“Thus the heavens and the earth were completed in all their vast array. By the seventh day God had finished the work he had been doing; so on the seventh day he rested from all his work. And God blessed the seventh day and made it holy, because on it he rested from all the work of creating that he had done.”

Here we read that God “rested” from all His work. But again, when we look at the original language, we find that the Hebrew word from which “rest” is translated is “shabath” which could actually be translated to mean “to cease or to have completed” rather than “to rest.” And, in this application, that makes sense because obviously the Almighty God of the Universe was not physically “tired” and in need of rest. So why did He bless the seventh day if it wasn’t to commemorate this day upon which He rested? The emphasis here should not be on the fact the God “rested from” or “ceased” His creative work but rather the emphasis should be on the fact that it was He Who did the creating-- the Sabbath was actually set aside as a memorial to Yahweh--a “seal of His Creatorship.” As a great artist always signs his masterpieces, so God also signed His masterpiece, and He signed it with a perpetual signature in the form of a very special day He calls the Sabbath.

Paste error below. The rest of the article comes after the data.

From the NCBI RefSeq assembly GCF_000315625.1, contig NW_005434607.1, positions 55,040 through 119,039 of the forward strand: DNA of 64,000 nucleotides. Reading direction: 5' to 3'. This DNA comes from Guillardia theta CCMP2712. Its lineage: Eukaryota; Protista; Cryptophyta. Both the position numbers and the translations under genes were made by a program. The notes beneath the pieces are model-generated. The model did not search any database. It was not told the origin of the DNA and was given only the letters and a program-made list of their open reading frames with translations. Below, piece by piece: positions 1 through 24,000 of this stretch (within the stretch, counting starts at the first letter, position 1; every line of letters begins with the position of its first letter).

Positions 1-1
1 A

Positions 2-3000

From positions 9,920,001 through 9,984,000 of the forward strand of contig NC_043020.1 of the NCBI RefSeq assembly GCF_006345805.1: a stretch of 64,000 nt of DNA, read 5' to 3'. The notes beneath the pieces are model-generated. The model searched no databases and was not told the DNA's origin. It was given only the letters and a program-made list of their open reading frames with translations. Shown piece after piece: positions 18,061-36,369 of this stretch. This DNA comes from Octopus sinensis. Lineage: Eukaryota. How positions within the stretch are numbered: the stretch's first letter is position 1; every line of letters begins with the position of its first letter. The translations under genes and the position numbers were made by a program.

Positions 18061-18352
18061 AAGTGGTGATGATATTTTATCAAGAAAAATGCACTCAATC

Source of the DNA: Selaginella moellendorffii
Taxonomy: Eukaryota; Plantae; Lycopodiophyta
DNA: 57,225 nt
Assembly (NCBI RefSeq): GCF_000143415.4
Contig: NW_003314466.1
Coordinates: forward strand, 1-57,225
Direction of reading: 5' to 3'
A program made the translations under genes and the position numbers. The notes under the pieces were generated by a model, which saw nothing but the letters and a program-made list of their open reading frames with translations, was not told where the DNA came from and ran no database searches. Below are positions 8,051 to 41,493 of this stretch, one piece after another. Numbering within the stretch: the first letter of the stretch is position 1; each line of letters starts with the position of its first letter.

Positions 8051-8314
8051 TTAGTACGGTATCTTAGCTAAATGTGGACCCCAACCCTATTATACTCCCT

And that “seal of Creatorship” that signature of God upon His creation not only applies to the earth, sky and sea but it also and especially applies to you and me. In Exodus 31:12,13 the scriptures tell us; “The Lord said to Moses, ‘Say to the Israelites, You must observe My Sabbaths. This will be a sign between Me and you for the generations to come, so you may know that I am the LORD, who makes you holy.’”

So here we see that the Sabbath is also a link between us and God. And by our treating this specific day as holy, we are acknowledging God as our Creator and Sustainor of life. On this day we, like God during creation week, also “cease” from our labor but being human we, unlike God, do in fact need to literally “rest and be refreshed.” This is a concept that the Lord began trying to drive home to His people from the beginning.

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Talk about it...

Austin Navis

commented on Apr 2, 2007

I thank GOD for having preachers like you who reveal the bible truths. It is my wish that you continue to shed light on many other sensitive issues.

Hassan Marshall

commented on Mar 4, 2008

I am so glad there are other Sabbath keepers in the world standing up for the Seventh Day Sabbath. This is what the world needs to hear...the Sabbath is definitley a "DELIGHT" to me.

Hassan Marshall

commented on Mar 4, 2008

I pray there will be more sermons on this subject on here.

Phil Laws

commented on Sep 22, 2009

Great sermon - thanks for your thoughts - keep the faith brother!

Manie De Bruin

commented on Nov 22, 2013